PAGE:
At 80 days post-wounding, the histological appearance of the wounds treated with 250 ng/100 μl injection was better than the wounds treated with 1000 or 1500 ng/100 μl injection. The collagen bundles were less densely packed and in a more random organisation, particularly at the top of the scar, just below the epidermis. Only one scar treated with this dose was wide, and of poor quality. The wounds which had received 1000 ng/100 μl injection treatment had densely packed collagen throughout the wounds and the wounds treated with 1500 ng/100 μl injection, although one had relatively open collagen orientation at the top, were in general very wide at the base where the collagen was particularly dense.

SUMMARY

These results suggest that the lowest dose of inhibin used in this investigation. (250 ng/100 μl injection) had anti-scarring effects. The pilot experiment suggested that a dose of 500 ng/100 μl injection also had slight anti-scarring effects. It appears therefore that exogenous addition of inhibin has an antiscarring effect and the data suggest the optimum dose of inhibin is between 250 and 500 ng/100 μl injection in this treatment regime.

TABLE 1
The TGF-β Receptor family and their known affinities for TGF-β1, 2, and 3,
Activin, BMP 2,4 and MIS
TGF-β Activin BMP 2,4 MIS
Type I Receptors
TGF-β RI
Act R-Iβ
Atr-I
BRK-I
RPK-I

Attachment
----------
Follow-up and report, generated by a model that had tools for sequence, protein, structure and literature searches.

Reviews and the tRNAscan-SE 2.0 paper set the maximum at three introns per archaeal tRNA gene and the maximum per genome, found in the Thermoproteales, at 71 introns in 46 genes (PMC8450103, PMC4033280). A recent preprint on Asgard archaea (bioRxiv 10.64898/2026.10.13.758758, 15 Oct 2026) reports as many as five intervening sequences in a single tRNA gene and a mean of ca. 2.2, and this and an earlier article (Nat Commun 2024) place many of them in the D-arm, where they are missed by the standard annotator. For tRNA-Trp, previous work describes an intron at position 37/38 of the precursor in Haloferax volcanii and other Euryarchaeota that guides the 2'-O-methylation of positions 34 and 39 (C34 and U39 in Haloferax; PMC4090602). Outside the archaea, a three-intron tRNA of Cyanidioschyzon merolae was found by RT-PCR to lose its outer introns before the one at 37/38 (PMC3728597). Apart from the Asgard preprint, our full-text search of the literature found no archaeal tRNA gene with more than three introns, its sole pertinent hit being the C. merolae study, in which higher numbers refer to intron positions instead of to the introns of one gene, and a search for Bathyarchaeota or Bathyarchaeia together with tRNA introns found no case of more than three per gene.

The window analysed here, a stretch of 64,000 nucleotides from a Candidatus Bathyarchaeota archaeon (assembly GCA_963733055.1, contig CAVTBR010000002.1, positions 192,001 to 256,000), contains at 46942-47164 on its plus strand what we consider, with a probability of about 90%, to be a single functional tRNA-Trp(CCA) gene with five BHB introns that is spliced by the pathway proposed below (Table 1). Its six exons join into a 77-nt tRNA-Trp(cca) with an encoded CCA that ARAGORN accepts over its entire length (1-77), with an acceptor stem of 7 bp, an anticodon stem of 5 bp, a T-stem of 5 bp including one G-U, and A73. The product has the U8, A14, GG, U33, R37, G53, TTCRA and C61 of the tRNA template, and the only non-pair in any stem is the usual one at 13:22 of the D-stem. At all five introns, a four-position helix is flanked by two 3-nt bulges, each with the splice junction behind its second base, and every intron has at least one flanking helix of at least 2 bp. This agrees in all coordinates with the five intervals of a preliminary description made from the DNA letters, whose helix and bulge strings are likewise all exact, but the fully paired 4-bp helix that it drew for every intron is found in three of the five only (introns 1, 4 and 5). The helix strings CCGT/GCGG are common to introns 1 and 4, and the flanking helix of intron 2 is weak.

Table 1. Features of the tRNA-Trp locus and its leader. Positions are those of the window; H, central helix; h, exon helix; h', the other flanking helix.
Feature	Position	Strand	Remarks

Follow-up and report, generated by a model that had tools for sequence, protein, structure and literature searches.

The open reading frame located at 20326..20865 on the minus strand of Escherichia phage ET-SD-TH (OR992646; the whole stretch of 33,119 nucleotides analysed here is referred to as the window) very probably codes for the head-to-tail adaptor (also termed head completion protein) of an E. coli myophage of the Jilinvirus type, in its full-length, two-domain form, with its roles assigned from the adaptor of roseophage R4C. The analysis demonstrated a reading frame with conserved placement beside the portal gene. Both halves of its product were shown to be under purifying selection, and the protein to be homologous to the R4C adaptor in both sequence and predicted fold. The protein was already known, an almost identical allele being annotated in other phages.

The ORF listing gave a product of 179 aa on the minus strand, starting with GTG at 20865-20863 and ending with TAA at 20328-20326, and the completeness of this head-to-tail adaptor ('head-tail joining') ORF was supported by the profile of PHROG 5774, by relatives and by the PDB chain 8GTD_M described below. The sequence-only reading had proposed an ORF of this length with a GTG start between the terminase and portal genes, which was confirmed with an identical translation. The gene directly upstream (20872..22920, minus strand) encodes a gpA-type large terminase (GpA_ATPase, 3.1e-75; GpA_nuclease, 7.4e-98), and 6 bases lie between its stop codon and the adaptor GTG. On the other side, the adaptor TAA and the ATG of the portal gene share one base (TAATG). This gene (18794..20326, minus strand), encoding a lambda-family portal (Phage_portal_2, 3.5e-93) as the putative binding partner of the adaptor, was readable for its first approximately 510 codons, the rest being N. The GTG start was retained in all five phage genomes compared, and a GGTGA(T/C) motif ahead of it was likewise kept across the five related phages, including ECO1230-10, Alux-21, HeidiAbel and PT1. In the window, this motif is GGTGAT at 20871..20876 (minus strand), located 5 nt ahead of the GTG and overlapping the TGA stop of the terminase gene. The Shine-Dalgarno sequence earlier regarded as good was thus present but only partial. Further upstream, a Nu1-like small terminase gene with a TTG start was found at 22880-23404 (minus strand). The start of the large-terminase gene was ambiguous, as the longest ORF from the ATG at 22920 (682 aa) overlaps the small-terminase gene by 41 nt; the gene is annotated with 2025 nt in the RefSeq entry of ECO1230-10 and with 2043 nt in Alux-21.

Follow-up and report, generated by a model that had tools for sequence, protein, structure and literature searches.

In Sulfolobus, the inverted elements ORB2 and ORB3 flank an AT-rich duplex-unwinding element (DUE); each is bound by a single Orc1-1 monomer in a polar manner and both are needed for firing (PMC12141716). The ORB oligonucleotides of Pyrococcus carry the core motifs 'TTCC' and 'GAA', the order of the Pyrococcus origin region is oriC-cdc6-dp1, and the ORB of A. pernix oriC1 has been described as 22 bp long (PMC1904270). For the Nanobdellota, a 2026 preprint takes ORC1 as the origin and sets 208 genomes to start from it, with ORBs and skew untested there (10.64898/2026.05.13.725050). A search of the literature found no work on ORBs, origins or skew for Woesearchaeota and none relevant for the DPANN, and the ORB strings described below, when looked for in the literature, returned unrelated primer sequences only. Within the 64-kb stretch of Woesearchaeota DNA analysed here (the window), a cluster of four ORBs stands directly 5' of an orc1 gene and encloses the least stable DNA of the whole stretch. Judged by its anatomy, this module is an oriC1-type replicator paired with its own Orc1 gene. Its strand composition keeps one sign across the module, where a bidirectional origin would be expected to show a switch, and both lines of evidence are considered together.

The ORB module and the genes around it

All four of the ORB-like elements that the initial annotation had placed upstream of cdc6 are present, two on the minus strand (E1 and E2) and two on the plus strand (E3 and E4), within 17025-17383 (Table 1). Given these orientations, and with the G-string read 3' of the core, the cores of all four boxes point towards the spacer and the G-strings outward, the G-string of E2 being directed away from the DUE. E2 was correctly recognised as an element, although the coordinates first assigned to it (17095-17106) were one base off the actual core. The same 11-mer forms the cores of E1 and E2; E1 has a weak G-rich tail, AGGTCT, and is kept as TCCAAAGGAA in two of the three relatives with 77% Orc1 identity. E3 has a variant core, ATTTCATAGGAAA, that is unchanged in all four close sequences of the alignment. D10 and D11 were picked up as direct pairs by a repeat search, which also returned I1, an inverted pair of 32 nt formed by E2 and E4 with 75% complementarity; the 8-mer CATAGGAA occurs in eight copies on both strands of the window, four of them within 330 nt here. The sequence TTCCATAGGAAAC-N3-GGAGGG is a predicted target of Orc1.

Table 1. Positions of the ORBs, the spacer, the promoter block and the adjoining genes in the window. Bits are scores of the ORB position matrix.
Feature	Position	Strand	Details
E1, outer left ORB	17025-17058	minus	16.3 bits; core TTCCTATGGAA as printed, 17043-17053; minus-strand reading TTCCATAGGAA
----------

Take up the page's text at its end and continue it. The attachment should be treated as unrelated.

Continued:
Act R-I
TSR-I
Brk-43E
Brk-25D
DAF-I
Type II Receptors
Act R-II
Act R-IIB
Atr II
TGF-β RII
Daf4
C14 ?
BMP2,4 = Bone Morphogenetic Proteins
MIS = Mullerian Inhibiting Substance

TABLE 2
Average Histological Scores (80 days post-wounding) Rat Wounds
Treated with Activin A
Dose (ng/100 Average Score
Group μl injection) Treated Wounds PBS U
A 10 2.625 3.3 3.65
B 5 3.13 5.5 4.075
C 2.5 5.25 5.45 4.25
Dosages relate solely to Activin A treated wounds
PBS = PBS treated control wounds
U = Unmanipulated control wound

TABLE 3
Average Histological Scores (80 days post-wounding) of Rat Wounds
Treated with Inhibin.
Dose (ng/100 Average Score
Group μl injection) Treated Wounds PBS PBS/BSA U
A 10 5.13 4.75 5.7 4.675
B 100 7.58 7.9 8.0 4.9
C 500 4.49 5.08 5.6
Dosages relate solely to Activin A treated wounds
PBS = PBS treated control wounds
PBS/BSA = PBS/BSA treated control wounds
U = Unmanipulated control wound

TABLE 4
Average Histological Scores (40 days and 80 days post-wounding) of
Wounds Treated with Inhibin
Average Score
40 days 80 days
Group A:
Dose
250 ng/100 μl injection 7.4 4.51
PBS * 5.15
U 7.6 5.25
Group B:
Dose
1000 ng/100 μl injection 6.0 5.225
PBS 6.2
U 3.9
Group C:
Dose
1500 ng/100 μl injection 4.7 5.2
PBS 4.6
U 2.0
*this denotes where results are not yet available.

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Classifications
U.S. Classification514/9.4, 53/350
International ClassificationA61P17/02, A61P17/00, A61K31/00, A61K38/22, A61K38/18, C07K14/495
Cooperative ClassificationA61K38/22
European ClassificationA61K38/22